Another study confirmed what many housing advocates already know: Homelessness is primarily caused by a lack of affordable housing, not substance abuse.
The study, which Washington State University conducted, analyzed state-level differences in rates of homelessness in all 50 U.S. states and the District of Columbia using data from 2020 to 2023. It then compared the rates of homelessness to socioeconomic and health factors such as poverty, binge drinking, and opioid addiction to determine which factors were most likely to cause someone to experience homelessness.
In the end, the study found that states with the highest cost of living also had the highest rates of homelessness. Unemployment, poverty, and binge drinking were also cited as contributing factors, but they were not strongly correlated with homelessness.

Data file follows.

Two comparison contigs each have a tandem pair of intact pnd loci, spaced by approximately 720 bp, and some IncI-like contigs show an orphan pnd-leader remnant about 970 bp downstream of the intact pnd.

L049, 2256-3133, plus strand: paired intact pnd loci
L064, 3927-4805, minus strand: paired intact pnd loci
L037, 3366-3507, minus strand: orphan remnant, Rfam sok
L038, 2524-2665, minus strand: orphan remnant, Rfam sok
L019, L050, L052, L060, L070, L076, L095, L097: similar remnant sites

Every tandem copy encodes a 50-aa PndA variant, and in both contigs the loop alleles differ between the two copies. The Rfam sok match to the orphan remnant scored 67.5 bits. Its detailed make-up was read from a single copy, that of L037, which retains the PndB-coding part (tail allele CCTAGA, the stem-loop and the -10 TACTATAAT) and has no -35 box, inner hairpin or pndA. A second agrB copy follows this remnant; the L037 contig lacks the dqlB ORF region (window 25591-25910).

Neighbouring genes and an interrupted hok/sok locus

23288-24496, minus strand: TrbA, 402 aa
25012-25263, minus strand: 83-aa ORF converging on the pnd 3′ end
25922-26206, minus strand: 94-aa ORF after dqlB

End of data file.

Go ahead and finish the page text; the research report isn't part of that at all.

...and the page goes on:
The study also found a negative correlation between opioid prescription rates and homelessness, which suggests that drug addiction is not a leading cause of people losing their homes.
“One of the major issues contributing to homelessness is the rising cost of housing. Housing accounted for a fifth of inflation in 2022 in the United States,” the study concluded. “However, by March 2023, the housing inflation rate rose to 2.6 percentage points, accounting for half of the annual consumer price index inflation. With rental prices rising, even minor changes are estimated to affect homelessness substantially.”